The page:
Science Friday: Friday The 13th Edition

It is Friday the 13th and human beings have a robot digging up stuff on Mars…will it find a haunted ancient burial ground? Probably not but it is finding good science. We also have the final word of the status of what the heck to call Pluto. Plus there is planetary weather, the launch of a new satellite, an early holodeck and NASA is planning a mission to the sun…perhaps they will go at night (rimshot).


Phoenix Updates: Scooping soil, Baking Baby Bear, and the Snow Queen
The Mars Phoenix Lander seemed to have a tough time getting started with Martian soil analysis. But, after an initial setback, the scoop and the thermal soil analyzer seem to be in good health. Earlier this week, scientists weren’t receiving confirmation of the soil’s deliverance into the analyzer, but NASA now reports that “delivery of scooped-up soil for inspection by the lander’s Optical Microscope marks the second success for getting samples delivered to laboratory instruments on Phoenix’s deck”, so it appears that the problem has been resolved.


The lander performs a “sprinkle test”

Once all this soil is scooped, it is to be analyzed by the Phoenix “oven”. The Thermal and Evolved-Gas Analyzer instrument, or TEGA, has eight separate tiny ovens to bake and sniff the soil to assess its volatile ingredients, such as water. The lander’s Robotic Arm delivered a partial scoopful of clumpy soil from a trench informally called “Baby Bear”, seen below, to the number 4 oven on TEGA last Friday, June 6.


The Martian trench known as “Baby Bear”

There is even more exciting news for ice at the Phoenix landing site, as predicted by scientists when they saw a “light-colored substrate” under the lander in some of the early photos sent back to Earth. Further images have this substrate looking more and more like ice. In fact, the patch of unknown substance has been deemed the Snow Queen by Phoenix scientists. This is a very exciting prospect, as it would me that Phoenix will have the chance to deliver loads of new data from the Red Planet once that substrate is sampled.


A shiny feature dubbed the Snow Queen

 

Pluto the Plutoid
The International Astronomical Union has decided on the term “plutoid” as a name for dwarf planets like Pluto. This decision comes almost two years after the IAU stripped Pluto of its planethood and introduced the term “dwarf planets” for Pluto and other small round objects that often travel highly elliptical paths around the sun in the far reaches of the solar system. The two currently known and named plutoids are Pluto and Eris.


Pluto and Eris, the two Plutoids

GLAST off for NASA’s newest telescope
From Earth, the night sky can look peaceful and unchanging, but the universe as seen in gamma-rays is a place of sudden and chaotic violence. Using gamma-ray telescopes, astronomers witness short but tremendously intense explosions called gamma-ray bursts, and there is nothing more powerful. Last Wednesday, NASA’s Gamma-ray Large Area Space Telescope (GLAST) left Earth onboard a Delta II rocket. GLAST will explore the most extreme environments in the universe, searching for signs of new laws of physics, investigating the nature of dark matter, and much more.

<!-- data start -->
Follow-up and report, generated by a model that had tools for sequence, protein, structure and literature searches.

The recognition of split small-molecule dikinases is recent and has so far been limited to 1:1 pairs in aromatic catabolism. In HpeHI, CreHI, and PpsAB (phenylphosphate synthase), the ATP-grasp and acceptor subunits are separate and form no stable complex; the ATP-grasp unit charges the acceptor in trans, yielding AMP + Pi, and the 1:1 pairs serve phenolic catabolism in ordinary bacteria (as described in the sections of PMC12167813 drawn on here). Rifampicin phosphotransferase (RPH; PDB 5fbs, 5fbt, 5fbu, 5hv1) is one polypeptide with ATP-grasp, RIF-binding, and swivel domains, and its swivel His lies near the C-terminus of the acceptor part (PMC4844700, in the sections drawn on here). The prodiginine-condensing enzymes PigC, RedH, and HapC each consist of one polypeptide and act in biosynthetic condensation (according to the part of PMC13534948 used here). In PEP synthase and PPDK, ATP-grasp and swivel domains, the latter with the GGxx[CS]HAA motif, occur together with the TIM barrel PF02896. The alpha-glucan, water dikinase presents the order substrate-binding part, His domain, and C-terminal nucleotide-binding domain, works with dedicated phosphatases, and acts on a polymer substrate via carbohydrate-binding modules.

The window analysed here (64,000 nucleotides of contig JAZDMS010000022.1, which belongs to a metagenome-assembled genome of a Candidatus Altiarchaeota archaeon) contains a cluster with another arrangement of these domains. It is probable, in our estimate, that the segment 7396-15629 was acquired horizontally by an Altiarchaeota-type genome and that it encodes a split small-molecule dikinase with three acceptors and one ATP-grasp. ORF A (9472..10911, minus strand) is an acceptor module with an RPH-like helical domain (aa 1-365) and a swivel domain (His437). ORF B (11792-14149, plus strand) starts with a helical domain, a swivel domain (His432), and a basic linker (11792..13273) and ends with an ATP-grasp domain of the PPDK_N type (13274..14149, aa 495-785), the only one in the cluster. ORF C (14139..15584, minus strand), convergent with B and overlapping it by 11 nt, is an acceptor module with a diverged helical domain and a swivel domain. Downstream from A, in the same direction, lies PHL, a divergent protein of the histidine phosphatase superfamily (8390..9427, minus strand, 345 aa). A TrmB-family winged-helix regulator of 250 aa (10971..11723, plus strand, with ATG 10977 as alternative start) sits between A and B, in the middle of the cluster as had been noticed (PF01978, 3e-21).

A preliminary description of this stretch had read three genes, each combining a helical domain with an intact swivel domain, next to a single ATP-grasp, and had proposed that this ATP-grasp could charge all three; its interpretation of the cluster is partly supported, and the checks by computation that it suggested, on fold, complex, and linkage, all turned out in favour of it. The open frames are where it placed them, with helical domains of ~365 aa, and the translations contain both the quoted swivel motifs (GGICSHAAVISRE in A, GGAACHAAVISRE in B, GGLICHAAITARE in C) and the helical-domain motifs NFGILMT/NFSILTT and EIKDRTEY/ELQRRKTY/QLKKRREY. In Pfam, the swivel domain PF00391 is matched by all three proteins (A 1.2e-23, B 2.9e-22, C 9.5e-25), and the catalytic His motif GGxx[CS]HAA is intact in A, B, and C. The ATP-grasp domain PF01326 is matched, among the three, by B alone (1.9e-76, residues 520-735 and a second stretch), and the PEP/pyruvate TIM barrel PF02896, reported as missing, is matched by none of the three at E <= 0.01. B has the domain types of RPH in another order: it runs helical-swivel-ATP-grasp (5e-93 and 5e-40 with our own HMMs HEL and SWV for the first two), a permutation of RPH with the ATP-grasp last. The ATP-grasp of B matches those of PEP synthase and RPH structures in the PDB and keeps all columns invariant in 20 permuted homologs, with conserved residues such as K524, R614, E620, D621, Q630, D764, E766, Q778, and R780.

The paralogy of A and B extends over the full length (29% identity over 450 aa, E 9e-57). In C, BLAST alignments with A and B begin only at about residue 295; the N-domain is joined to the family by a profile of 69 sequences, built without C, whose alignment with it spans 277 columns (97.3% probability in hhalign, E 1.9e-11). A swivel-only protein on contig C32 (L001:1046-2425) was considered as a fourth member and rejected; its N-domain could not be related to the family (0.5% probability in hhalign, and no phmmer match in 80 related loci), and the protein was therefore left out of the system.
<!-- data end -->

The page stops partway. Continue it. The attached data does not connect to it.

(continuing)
Artist’s conception of a gamma ray burst

Space weather interfering with GPS
You can’t always trust your GPS gadget. As scientists have long known, perplexing electrical activity in the upper atmospheric zone called the ionosphere can tamper with signals from GPS satellites. Now, new research and monitoring systems are clarifying what happens to disruptive clouds of electrons and other electrically charged particles, known as ions, in the ionosphere. The work may lead to regional predictions of reduced GPS reliability and accuracy.


The Aurora Australis as seen from the Space Shuttle Discovery

Gadget of the Week: HoloVizio aka Holodeck 1.0?
Star Trek’s holodeck is a famous science fiction concept, but last year researchers took the first, confident steps towards its realisation with the Coherent project. This EU-funded research project, developed a commercial, true 3-D display that could one day be called Holodeck version 1.0. It is called HoloVizio, a 3-D screen that will allow designers to visualise true 3-D models of cars, engines or components. Better yet, gesture recognition means that observers can manipulate the models by waving their hands in front of the screen. [Thanks Judy & Gar!]


Seeing is believing in this video, but I’d bet it’s even more impressive in real life

Science Quickies
Here’s a warp-speed look at science tid-bits that didn’t quite make the cut, but nonetheless merit mention.




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Spockanella

A Plutoid sounds like a growth you’d want to have removed at the earliest opportunity.

The Holovizio seems more like the viewscreens than the holodeck. Weren’t the viewscreens in TNG at least 3D? When they changed the camera angle, the angle on the screen changed. Also, the viewscreen on the Enterprise-E was actually holographic too.

Pretty cool though.

AdamTrek

So basically, the HoloVizio is like an early version of the viewscreens on TNG and later, like the big one on the bridge?

Very cool.

@Spockanella

I hear they have a new Plutoid Cream…it will fix you right up.

i’m sure the holovizio is impressive in real life….but it doesnt seem that special watching it on video.

Spockanella

#4: LOL, and Happy Friday.

MORN SPEAKS

A buddy of mine from college at Florida State was the second cousin of Clyde Tombaugh, they guy who discovered Pluto. My friend wasn’t happy back then about this “controversy” and I’m sure he’s not happy about it now.

2. Eric Cheung – I think I’m right in thinking that GR always intended that the “viewscreens” in all Trek were holographic by default, I think he logically expected that by then it would be a standard technology such as colour and flat/thin screens have become today. I always thought that Spock’s scanner viewer were some sort of huge resolution holographic viewer that would normally need a huge surface area were it to be on a wall, much more convenient and space saving to use the viewing device (and of course VFX budget saving). As he turns the control, maybe that tracks through the ‘Z’ axis in 3d space?

KJTrek

Are social events awkward? Do you worry at every checkup? Want to shrink those unsightly Plutoidal growths?